- Determine, contest, pay or claim a refund of any tax.
- In addition keep an eye out for:
- Certain investment fees and expenses
- Some legal fees
- Safe deposit box rental fees (on the condition that it is not used to store jewelry and other personal items)
These above deductions must be larger than 2% of your adjusted gross income to be deducted on your return, but added together they may be. It is worth checking them out.
There are a few miscellaneous expenses that you can use as deductions even if they are below the 2% limit. These expenses can be applied to your tax return regardless of then being more or less than the 2% constraint. The following expenses fall in this category:
- Losses from income producing property. Damage or theft of stocks, bonds, gold, silver, vacant lots, and works of art are expenses that are deductable.
- Losses incurred from gambling losses up to the amount of gambling winnings.
- Impairment-related work expenses of persons with disabilities.
- Losses from Ponzi-type investment schemes.
Review your expenses and see if any of these apply to your situation.
American Opportunity Credit and the Lifetime Learning Credit
If you find yourself concerned the about cost of higher education there are two federal tax credits that may apply to you. These credits are called the American Opportunity Credit and the Lifetime Learning Credit.
The American Opportunity Credit and the Lifetime Learning Credit credits can be applied to any post-secondary student paying tuition and fees. This includes: you, your spouse and your dependents. Each student can claim only one of the listed credits per year. For example if your daughter filed for the American Opportunity Credit, then she cannot claim the Lifetime Learning Credit. However, if your spouse is in graduate school or any post-secondary education, he/she has the ability to claim the Lifetime Learning Credit.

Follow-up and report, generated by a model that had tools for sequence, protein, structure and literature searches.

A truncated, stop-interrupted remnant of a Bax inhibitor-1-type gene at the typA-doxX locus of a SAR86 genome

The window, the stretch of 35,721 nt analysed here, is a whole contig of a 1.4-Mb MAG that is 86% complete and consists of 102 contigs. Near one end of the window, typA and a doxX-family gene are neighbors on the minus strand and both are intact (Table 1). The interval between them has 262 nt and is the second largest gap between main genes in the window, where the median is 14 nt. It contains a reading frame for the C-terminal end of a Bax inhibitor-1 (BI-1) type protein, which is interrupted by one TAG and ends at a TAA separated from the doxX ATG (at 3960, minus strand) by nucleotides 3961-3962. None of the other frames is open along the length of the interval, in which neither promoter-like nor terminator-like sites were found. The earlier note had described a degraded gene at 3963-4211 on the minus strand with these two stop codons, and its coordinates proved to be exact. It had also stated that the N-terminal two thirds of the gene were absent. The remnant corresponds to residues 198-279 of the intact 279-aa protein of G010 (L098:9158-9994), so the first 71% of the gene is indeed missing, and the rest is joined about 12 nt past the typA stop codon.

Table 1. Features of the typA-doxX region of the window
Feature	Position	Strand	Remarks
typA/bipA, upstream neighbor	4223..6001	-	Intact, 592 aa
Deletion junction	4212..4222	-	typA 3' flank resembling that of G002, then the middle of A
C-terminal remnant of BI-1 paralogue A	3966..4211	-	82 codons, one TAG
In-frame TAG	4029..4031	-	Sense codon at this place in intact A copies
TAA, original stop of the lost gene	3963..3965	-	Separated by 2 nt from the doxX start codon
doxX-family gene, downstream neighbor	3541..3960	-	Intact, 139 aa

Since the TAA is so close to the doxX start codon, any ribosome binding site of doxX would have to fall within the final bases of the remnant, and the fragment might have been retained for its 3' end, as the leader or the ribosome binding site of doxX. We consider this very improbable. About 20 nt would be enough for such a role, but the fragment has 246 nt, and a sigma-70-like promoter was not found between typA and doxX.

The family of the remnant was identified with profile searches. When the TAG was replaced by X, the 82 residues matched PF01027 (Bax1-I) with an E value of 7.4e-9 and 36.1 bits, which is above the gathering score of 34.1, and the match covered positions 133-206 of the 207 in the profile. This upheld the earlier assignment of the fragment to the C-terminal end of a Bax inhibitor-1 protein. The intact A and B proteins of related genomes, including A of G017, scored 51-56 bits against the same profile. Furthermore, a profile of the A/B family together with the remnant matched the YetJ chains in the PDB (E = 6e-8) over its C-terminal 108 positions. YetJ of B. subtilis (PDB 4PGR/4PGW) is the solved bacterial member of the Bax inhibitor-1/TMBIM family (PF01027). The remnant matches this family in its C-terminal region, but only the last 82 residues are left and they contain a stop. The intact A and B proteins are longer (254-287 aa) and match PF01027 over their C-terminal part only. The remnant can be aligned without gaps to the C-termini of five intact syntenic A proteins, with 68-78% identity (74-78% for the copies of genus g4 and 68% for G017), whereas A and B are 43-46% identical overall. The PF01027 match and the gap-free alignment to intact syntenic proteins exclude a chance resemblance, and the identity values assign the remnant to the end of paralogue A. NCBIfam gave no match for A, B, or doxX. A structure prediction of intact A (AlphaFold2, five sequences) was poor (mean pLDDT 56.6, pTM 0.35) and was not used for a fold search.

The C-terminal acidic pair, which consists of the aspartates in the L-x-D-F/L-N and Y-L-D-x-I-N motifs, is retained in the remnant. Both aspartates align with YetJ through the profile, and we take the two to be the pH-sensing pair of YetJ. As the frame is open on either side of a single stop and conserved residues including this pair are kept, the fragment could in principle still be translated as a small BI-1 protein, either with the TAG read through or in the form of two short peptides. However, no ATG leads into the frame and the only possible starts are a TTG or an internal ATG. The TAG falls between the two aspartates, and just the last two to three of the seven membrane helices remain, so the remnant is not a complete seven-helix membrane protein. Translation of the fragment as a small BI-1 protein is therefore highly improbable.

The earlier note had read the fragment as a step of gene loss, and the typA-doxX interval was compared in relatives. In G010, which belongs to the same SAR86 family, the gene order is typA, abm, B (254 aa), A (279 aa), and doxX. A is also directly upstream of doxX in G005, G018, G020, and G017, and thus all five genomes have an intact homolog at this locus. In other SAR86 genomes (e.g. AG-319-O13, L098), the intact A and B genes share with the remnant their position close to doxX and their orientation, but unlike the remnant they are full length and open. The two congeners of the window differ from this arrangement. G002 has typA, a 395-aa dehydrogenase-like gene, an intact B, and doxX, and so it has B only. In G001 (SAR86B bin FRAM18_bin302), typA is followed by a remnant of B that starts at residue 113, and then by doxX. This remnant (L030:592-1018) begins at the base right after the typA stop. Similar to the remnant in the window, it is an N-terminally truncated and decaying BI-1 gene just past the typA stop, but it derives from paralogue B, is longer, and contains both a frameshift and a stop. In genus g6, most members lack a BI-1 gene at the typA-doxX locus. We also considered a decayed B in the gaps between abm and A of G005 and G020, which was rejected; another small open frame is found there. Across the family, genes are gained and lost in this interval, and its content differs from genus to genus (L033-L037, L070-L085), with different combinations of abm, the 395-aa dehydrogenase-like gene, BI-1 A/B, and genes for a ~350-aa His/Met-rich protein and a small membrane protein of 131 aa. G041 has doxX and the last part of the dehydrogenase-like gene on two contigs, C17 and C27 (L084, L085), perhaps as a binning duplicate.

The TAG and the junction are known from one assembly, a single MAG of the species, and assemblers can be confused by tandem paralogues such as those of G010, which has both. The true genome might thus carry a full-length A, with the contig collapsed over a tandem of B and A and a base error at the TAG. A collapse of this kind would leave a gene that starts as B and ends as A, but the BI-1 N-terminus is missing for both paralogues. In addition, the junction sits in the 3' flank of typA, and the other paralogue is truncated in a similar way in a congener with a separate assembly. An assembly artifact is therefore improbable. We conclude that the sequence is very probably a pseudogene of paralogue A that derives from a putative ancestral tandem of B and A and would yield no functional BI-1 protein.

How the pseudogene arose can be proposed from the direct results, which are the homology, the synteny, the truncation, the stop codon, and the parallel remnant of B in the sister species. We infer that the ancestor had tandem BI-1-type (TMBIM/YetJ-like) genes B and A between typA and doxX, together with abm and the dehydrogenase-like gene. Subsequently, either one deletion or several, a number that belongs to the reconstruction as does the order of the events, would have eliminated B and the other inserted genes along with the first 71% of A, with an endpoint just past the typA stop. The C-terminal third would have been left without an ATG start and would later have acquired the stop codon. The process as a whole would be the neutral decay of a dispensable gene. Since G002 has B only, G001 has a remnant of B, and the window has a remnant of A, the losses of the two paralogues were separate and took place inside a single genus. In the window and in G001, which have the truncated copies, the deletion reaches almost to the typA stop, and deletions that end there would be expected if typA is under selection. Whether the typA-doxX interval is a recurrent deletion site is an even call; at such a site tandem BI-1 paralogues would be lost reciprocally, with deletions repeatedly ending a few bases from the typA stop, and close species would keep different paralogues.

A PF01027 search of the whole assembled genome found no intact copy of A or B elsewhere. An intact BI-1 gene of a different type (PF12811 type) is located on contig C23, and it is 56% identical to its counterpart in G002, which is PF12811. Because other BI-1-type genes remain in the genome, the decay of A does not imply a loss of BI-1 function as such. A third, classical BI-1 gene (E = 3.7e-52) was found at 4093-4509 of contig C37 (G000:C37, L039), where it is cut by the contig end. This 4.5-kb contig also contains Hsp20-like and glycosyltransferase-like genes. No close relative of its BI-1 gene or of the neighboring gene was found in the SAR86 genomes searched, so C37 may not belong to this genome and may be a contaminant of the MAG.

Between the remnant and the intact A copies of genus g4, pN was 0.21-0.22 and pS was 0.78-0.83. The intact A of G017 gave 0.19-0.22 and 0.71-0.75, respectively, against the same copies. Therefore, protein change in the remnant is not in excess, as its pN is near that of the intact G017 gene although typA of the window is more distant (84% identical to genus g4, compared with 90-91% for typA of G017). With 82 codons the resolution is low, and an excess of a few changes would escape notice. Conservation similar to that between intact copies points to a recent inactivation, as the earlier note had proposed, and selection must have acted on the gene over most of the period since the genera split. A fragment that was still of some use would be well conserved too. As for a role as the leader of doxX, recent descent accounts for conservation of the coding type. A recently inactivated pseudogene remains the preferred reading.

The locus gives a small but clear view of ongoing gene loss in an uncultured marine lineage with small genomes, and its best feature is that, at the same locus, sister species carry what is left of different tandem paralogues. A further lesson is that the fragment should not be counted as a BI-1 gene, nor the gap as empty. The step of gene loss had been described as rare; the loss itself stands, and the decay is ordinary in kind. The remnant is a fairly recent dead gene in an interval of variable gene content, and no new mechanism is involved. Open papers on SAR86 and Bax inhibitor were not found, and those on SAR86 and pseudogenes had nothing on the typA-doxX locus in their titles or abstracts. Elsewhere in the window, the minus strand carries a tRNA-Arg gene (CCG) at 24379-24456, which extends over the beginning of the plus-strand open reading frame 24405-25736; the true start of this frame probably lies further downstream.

Below are important facts you should know if you are considering these credits:
- The American Opportunity Credit
- The credit can be up to $2,500.
- It is only available for students attending their first four years of higher education.
- If you owe no taxes you may be able to receive up to $1,000 in refund (forty percent of the credit).
- The student must be pursuing either an undergraduate degree or other recognized educational credential.
- Any tuition, fees, course related books and equipment are qualified expense.
- Taxpayers with an adjusted gross income of less than $80,000, or married couples filing jointly with an income of less than $160,000 can receive the full credit.
- Lifetime Learning Credit
- The credit can be up to $2,000.
- It is available for courses taken to acquire or improve job skills.
- The credit will only reduce your tax amount but it will not grant a refund.
- The student does not need to be degree seeking or earning any recognized education credential.
- Tuition, fees, course related books, and equipment are qualified expense.
- Taxpayers with an adjusted gross income of less than $60,000, or married couples filing jointly with an income of less than $120,000 can receive the full credit.
If you do not qualify for these education credits, an alternative option is qualifying for tuition and fee deduction. Tuition and fee deduction can reduce your income by $4,000. You may not claim tuition and fee deduction if you claim any of the above credits for the same year.